It’s peak season for deer encountersPosted on Nov 10, 2014
Vehicular collisions with deer increase during this time of year in conjunction with the annual peak season for deer migration and mating. Kentucky’s exploding deer population has only expanded the opportunities for these accidents to occur. Deer are also naturally on the move during this season, and urban sprawl has introduced many new roads into the natural habitats of these animals. Consequently, deer are seen and struck on the roadways during the last three months of the year almost more often than all the other nine months combined.
Kentucky State Police (KSP) data reports that Kentuckians were in a total of 2,766 automobile collisions with deer last year (32 fewer than in 2012), resulting in 132 injuries but no deaths. However, Kentucky Farm Bureau (KFB) Insurance claims data also shows that these collisions have clearly defined seasonal peaks. Approximately $21.2 million in deer collision claims were filed with KFB in 2013, but nearly 46% of those claims resulted from accidents occurring during October, November and December.
Further analysis of KFB Insurance claims data from the past five years shows that automobiles collided with deer on Kentucky roadways at a clip of 28.51 deer per 1,000 drivers during the month of November, well outpacing the national average of 14.1. As a result of those collisions, KFB Insurance customers filed more than $4.7 million in claims just during November of 2013.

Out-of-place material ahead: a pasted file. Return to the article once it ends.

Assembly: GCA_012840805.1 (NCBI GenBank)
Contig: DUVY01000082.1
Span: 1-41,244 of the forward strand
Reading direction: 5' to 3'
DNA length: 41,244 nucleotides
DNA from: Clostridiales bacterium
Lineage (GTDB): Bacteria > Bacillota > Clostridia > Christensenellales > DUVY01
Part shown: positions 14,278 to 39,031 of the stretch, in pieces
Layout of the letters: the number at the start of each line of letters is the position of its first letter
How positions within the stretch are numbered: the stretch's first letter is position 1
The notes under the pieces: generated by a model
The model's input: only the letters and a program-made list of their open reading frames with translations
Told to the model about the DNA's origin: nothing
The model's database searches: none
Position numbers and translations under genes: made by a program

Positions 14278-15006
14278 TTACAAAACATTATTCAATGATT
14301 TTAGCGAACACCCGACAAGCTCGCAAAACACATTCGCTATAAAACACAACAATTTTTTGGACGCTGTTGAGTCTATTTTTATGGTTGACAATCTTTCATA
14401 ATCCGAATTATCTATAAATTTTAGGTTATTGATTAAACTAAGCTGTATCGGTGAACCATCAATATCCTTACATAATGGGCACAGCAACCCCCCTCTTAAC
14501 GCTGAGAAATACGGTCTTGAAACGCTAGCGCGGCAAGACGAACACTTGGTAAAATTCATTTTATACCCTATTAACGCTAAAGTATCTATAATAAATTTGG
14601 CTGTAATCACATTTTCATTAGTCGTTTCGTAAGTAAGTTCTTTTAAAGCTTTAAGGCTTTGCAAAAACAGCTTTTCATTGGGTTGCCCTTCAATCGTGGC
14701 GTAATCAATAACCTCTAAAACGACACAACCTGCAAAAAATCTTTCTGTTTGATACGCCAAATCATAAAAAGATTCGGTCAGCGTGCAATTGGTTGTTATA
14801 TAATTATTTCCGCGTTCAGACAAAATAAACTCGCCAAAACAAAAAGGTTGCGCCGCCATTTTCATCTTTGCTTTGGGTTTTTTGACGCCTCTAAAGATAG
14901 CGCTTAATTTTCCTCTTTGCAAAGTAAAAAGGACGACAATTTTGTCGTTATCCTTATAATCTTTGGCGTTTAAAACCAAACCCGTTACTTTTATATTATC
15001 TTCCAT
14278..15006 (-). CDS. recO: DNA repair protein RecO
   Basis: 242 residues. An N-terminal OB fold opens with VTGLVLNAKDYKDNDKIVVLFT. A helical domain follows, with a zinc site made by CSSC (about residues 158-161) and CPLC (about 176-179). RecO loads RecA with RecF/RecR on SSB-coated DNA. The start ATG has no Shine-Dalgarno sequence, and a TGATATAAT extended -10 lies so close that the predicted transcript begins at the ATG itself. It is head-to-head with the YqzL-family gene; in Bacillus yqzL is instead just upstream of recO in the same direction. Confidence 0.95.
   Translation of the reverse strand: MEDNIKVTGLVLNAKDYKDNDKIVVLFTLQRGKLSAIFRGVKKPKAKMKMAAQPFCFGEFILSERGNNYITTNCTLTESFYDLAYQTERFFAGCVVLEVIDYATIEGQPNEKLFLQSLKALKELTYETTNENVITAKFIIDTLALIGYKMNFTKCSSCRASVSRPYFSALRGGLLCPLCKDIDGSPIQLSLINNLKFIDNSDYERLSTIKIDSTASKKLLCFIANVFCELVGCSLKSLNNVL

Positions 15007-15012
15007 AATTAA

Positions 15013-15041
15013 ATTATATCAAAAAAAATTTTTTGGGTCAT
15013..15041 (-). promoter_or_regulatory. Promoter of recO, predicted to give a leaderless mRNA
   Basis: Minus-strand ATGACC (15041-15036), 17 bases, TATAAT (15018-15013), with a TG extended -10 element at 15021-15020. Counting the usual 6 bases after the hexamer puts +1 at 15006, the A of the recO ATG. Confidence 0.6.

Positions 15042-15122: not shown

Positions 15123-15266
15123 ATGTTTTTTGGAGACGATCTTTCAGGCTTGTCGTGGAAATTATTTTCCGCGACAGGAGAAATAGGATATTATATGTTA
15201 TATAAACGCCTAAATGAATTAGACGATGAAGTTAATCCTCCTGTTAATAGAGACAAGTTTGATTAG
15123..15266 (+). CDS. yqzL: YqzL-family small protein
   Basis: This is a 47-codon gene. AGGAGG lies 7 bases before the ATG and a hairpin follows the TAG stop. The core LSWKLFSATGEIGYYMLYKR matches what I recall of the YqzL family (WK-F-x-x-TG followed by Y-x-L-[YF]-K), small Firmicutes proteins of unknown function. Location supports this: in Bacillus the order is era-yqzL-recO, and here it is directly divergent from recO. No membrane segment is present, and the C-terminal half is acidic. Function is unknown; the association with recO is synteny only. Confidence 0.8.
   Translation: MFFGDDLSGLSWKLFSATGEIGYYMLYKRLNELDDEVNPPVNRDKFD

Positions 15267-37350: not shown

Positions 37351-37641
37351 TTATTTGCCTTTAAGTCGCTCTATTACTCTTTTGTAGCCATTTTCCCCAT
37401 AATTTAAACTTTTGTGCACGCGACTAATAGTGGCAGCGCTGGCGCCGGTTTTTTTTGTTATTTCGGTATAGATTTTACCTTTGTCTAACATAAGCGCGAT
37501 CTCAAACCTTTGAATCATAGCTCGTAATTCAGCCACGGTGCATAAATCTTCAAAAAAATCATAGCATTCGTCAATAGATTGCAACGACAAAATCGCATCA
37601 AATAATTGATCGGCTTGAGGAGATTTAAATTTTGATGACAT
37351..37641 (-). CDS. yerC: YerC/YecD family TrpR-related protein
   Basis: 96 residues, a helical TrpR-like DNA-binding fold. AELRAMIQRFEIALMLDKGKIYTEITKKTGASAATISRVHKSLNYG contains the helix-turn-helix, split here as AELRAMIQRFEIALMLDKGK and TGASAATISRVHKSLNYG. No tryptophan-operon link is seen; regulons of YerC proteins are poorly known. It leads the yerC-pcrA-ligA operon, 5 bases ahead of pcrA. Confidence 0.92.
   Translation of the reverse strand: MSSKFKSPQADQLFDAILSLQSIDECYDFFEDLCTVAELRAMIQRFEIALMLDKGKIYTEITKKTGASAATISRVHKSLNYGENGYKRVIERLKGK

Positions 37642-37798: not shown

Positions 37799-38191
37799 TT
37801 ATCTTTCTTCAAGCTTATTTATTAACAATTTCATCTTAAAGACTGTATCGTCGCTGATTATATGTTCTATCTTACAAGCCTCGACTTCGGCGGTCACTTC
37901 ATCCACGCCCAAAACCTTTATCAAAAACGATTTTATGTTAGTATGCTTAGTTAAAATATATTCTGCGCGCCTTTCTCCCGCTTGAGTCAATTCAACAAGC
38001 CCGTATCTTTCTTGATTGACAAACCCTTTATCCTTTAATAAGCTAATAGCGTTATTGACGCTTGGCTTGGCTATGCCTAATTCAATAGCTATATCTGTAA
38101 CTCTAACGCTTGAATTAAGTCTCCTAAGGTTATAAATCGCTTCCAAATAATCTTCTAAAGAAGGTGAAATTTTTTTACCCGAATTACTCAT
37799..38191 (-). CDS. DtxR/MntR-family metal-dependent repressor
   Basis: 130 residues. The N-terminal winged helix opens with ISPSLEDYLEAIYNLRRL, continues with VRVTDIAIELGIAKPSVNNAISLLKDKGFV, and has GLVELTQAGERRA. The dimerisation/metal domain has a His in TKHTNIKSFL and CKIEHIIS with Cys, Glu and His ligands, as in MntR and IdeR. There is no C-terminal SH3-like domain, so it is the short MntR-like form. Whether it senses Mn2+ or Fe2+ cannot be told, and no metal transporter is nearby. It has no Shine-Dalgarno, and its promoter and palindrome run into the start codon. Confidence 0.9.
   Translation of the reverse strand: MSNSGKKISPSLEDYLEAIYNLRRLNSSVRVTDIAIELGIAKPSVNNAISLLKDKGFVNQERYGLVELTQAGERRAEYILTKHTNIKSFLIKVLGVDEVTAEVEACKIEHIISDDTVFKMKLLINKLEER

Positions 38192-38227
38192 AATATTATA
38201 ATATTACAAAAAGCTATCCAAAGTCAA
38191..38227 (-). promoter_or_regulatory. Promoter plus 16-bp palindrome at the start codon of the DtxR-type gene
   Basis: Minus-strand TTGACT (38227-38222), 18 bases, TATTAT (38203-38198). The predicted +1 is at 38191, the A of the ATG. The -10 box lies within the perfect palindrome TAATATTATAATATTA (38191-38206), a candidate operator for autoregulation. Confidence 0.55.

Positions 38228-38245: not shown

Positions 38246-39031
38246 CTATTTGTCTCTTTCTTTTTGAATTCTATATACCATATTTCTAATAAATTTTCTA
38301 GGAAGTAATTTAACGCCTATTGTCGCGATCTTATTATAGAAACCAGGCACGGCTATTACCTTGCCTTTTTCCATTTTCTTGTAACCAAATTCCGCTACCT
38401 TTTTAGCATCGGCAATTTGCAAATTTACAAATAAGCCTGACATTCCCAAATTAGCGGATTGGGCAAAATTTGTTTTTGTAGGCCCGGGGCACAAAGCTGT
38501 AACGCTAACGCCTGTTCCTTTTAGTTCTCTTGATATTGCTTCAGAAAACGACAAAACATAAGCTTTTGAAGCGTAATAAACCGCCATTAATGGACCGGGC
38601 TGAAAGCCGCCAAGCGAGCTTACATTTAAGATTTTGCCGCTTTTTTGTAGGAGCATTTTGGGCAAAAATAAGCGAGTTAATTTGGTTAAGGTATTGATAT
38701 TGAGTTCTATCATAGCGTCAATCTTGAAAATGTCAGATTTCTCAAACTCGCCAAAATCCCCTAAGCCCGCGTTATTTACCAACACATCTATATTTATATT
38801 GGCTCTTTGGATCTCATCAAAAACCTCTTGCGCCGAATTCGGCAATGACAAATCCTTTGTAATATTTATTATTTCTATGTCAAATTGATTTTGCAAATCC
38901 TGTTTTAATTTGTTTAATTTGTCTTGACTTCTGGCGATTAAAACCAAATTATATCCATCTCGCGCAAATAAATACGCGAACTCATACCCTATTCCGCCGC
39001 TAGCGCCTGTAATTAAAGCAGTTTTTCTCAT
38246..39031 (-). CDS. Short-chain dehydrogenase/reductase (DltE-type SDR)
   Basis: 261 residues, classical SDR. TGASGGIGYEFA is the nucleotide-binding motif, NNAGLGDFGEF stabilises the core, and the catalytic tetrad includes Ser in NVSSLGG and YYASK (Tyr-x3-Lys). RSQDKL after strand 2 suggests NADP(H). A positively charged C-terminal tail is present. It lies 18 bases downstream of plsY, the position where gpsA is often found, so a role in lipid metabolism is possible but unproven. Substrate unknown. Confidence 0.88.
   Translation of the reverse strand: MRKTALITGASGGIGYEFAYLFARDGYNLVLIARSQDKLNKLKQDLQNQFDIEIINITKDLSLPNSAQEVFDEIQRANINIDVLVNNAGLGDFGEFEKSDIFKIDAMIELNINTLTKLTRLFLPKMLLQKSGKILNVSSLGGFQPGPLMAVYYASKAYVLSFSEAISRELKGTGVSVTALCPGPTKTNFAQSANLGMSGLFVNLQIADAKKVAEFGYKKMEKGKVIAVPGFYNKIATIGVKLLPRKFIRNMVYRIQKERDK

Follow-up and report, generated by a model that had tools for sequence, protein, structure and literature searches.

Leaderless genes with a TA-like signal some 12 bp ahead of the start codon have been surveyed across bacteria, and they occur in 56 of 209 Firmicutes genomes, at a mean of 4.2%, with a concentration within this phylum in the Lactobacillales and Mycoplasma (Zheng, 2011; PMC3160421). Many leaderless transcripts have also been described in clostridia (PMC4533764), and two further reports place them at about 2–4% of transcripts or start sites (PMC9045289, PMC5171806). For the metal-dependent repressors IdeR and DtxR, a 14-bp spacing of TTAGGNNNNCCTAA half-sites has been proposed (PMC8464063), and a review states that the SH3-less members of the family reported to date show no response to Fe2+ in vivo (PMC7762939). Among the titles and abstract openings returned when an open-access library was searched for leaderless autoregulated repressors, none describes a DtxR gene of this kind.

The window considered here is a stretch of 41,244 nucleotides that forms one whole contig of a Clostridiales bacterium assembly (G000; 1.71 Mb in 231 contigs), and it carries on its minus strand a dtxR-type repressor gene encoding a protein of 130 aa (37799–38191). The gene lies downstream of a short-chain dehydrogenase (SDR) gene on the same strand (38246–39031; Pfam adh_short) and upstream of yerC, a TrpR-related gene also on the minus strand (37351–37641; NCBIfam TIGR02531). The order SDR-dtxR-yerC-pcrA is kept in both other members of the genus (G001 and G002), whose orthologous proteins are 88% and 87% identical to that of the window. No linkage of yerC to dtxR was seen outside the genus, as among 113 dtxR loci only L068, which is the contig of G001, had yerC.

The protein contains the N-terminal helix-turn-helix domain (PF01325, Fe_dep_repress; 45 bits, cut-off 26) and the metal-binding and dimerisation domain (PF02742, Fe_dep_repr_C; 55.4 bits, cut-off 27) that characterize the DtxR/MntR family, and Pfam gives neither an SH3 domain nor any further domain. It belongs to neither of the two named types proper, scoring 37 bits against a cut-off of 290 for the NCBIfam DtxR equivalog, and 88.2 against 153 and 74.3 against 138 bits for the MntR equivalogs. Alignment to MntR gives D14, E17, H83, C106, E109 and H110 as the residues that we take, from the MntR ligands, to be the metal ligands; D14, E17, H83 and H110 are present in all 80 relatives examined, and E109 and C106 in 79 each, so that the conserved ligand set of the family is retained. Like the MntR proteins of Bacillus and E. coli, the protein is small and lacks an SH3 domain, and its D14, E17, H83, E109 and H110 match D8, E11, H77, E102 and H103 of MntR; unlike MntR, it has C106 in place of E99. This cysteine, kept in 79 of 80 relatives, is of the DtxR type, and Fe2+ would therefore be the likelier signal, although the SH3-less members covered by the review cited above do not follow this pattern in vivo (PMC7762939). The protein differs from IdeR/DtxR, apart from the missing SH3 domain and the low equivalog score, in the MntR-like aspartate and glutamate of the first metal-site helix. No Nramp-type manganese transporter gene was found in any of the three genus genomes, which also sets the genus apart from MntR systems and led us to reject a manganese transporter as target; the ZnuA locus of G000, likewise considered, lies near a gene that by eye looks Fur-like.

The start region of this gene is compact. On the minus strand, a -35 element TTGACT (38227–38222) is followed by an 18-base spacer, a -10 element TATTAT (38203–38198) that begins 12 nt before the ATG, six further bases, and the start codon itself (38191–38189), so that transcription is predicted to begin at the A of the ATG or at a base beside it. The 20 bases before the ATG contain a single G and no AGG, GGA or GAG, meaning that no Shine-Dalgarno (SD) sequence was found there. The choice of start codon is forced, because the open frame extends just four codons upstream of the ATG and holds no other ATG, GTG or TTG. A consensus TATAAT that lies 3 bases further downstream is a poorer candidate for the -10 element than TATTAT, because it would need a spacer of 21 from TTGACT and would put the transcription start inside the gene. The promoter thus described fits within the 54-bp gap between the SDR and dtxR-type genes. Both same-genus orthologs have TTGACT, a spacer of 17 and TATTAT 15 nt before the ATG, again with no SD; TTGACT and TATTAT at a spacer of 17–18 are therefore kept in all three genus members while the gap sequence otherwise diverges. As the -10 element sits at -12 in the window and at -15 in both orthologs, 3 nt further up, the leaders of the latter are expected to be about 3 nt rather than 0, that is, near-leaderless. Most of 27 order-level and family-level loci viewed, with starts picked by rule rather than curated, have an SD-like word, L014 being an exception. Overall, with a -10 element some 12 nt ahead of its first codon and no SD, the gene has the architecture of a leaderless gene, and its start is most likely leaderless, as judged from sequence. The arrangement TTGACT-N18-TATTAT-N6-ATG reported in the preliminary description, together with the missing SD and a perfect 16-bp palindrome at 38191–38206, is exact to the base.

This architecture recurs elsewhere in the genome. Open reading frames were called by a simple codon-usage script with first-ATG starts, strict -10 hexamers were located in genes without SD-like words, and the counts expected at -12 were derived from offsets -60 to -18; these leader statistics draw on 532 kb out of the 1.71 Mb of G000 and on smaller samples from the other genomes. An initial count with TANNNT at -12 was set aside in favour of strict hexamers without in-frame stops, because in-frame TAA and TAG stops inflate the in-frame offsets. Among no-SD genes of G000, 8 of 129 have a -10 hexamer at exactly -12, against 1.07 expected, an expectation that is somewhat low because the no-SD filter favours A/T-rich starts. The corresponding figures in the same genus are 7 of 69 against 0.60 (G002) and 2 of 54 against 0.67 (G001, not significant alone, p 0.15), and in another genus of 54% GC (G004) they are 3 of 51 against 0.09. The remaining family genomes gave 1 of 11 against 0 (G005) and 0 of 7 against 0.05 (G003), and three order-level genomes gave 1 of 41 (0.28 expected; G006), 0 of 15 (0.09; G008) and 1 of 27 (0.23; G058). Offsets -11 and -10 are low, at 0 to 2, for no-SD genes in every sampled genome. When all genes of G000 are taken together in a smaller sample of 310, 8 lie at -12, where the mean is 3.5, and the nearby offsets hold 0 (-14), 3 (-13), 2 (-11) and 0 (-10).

“The numbers are certainly telling of the frequency of these accidents, but we have to keep in mind that behind those numbers are real people and real injuries,” said Greg Youngblood, KFB Insurance’s Vice President of Claims. “Our hope is that calling attention to the seasonal increase in deer collisions will increase driver awareness and reduce the number of incidents on Kentucky’s roads this fall.”
Now that the seasonal jump in deer activity is here, motorists should take the time to be aware of their surroundings even more than usual. KFB advises motorists to drive defensively on the roadways this fall, especially when headed through wooded areas where deer are likely to be seen.